Russia’s banking sector is starting to recover after a catastrophic summer and is back in overall profit – just.
Russia’s banking sector earned an aggregate profit of just RUB18bn ($300mn) in the first 10 months. However, if you exclude state-owned retail giant Sberbank’s stellar third quarter results, then the sector is actually still loss-making.
Until September monthly profits were running well ahead of last year’s results, averaging between RUB100bn and RUB200bn for most of the year. But the sector was walloped in September when it booked an aggregate loss of RUB322bn because of the near-miss banking crisis in the summer caused by the collapse of Financial Corporation Otkritie, which the Central Bank of Russia (CBR) was forced to bail out at the end of August, followed by sister “Garden Ring” bank Binbank a few weeks later.
Among the biggest bailouts in Russia’s history, the clean up of the Russian banking sector is likely to take between one and two years, Elvira Nabiullina, chairwoman of the Central Bank of Russia (CBR), said on November 2.
Despite the slow return to health of the sector, banks are still operating in a toxic environment and more than half of Russian companies consider the sector to still be in crisis, a study found this week.
Companies are still unwilling to borrow from banks because of the high cost of money. Loans to companies have fallen for a year and now are ticking over at a low level, as companies prefer to borrow cheaper for longer on the international capital markets if they can. A series of cuts to the monetary policy rate by the CBR this year has made domestic borrowing more attractive, but the rates are not expected to make a difference to the corporate borrowing volumes until next year, according to analysts. The corporate loan portfolio declined 3.6% y/y in October (and was down -1.2% y/y, if you exclude the FX factor, as the ruble strengthened 8.0% y/y), the CBR reported.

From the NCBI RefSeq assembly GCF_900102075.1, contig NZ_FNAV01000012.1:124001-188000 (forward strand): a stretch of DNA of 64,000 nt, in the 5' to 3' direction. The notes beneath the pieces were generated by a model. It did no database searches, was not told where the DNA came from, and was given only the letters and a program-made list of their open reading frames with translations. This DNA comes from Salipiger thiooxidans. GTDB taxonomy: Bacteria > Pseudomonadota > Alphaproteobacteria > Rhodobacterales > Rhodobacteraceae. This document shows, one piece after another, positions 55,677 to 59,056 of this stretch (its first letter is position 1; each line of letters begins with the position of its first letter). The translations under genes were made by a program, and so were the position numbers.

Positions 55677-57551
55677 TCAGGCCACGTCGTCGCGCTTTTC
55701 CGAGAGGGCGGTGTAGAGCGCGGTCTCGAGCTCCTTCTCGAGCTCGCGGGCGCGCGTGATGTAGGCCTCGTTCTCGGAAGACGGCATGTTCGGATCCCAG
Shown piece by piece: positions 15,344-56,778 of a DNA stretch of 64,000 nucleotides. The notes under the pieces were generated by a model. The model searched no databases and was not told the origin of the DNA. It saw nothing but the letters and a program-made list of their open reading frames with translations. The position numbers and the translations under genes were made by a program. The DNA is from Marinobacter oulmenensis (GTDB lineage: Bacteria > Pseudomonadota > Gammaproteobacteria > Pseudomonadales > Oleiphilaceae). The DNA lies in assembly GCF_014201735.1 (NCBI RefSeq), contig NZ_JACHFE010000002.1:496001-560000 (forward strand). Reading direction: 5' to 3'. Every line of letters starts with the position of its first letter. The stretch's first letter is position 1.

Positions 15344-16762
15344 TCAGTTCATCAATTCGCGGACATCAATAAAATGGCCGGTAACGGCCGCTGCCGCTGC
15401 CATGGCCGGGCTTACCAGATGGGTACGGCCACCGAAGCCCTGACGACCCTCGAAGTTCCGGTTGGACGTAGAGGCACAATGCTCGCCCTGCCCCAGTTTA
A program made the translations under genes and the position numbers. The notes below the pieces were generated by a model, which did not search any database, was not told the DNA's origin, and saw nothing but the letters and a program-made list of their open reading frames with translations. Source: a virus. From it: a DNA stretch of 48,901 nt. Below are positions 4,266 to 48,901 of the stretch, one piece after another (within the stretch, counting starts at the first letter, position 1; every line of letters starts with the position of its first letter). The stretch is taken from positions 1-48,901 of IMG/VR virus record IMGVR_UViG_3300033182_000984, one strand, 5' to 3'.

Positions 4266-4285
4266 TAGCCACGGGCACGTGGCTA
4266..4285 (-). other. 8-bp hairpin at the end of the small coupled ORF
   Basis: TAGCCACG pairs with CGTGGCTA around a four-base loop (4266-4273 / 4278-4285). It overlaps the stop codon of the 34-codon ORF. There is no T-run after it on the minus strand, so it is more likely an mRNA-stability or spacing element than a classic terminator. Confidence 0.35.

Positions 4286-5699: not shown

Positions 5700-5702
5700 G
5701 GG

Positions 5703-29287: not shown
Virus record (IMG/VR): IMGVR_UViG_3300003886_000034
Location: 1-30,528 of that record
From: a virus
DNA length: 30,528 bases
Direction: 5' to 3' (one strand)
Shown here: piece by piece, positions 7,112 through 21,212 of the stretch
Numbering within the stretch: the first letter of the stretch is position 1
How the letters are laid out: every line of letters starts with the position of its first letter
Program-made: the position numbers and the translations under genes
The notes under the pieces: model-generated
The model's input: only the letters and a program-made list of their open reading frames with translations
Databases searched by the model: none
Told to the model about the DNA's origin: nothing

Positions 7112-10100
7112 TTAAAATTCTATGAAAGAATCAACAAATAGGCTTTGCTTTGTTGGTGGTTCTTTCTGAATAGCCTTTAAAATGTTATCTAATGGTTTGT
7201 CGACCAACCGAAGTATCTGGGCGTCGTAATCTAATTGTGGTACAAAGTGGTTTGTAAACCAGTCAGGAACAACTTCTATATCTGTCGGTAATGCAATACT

Retail lending, on the other hand has come back to life this year and expanded a robust 9.9% y/y in October, which has given economists some cause for optimism.
They speculate that consumption is slowly returning as an economic driver. So far this year’s increased retail spending, such as it is, has been largely fuelled by consumer credits as real disposable incomes are flat and retail turnover growth is still hovering just above zero....MUCH MORE